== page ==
services) collaboration portal, which in the case of cloud solutions means that
applying updates to the production environment is performed by Microsoft as
part of their regular services.
Both the client and the implementer can only
access the system using the user interface. Whereas we used to be able
to easily access data, install patches, and perform quick ad-hoc actions,
this possibility is now completely
disabled. There is now a procedure
that precisely prescribes the steps to install a new package in production,
e.g. a prerequisite is testing in a sandbox environment.
In the case of Dynamics 365 Business Central, Microsoft automatically offers the update for testing and production environments through the Dynamics 365 Business Central admin centre. The administrative interface can be accessed by both the client and the company that implements the business solution, and through the update settings they can schedule updates at a specific time (certain period, day, month). As it is a SaaS (software-as-a-service) solution, these updates cannot be skipped and must be installed. If the update is not manually triggered by the client or implementer within the specified time frame, Microsoft will automatically trigger the update on the latest scheduled update date (approximately 30 days after the release of the major version).
More than ever, testing backed by
automated tests has now become
particularly important, as we can’t afford to have system failures due to poor
Updates include the continuous
addition of features and functionality. For Dynamics 365 for Finance and Supply Chain, the client has 8 updates per year and must accept at least 2 per
year, which in practice can mean skipping 3 consecutive updates. In addition,
critical fixes are always available for the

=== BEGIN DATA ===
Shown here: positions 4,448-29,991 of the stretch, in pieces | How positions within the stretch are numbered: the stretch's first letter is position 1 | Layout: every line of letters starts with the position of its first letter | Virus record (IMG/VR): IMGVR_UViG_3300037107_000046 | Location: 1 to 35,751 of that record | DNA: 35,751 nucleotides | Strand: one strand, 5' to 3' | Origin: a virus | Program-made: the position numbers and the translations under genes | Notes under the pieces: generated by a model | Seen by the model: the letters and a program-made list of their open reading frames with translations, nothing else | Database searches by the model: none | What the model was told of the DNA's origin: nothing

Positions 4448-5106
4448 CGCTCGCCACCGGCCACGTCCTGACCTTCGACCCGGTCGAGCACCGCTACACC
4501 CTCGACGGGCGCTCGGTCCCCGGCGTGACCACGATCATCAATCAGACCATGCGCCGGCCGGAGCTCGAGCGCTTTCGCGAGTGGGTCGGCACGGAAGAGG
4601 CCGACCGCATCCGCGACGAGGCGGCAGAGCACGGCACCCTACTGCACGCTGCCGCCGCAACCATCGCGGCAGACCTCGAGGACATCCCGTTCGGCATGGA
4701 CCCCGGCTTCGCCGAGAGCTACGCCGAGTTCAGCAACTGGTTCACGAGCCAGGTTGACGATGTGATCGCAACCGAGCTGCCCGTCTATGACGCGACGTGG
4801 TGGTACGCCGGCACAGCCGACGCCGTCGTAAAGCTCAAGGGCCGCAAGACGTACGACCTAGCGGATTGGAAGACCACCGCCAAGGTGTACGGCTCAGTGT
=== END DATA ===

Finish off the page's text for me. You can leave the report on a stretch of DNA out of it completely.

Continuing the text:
previous release (i.e., if the current release is 10.0.6, then critical
fixes for release 10.0.5 are provided).
For Dynamics 365 Business Central, emergency fixes (Minor release) are published regularly and there are two main annual releases (Major release). Hotfixes or minor updates are released once a month and are accompanied by version v21.1 marks. For minor updates, Microsoft will automatically trigger the update on the last scheduled update date (approximately 20 days after the release of the minor update).The main issues are published twice a year, in April and October (with the labels wave 1 and wave 2).
In this way, clients are constantly on the
latest update, which includes all known critical fixes, new features and
This, of course, means that as
implementers, we need to be able to accept updates several times a year and make sure
that all the extensions work properly. Again – automated testing plays
In the case of a
"cloud" solution, of course, we must not forget that we are talking
about an all-inclusive service,
which means updating both the system and application software.
There is a difference between
cloud and on-premises deployment -
in the case of a local deployment, the client retains more flexibility (i.e. they have to take care of themselves), but
it is not possible without regular updates.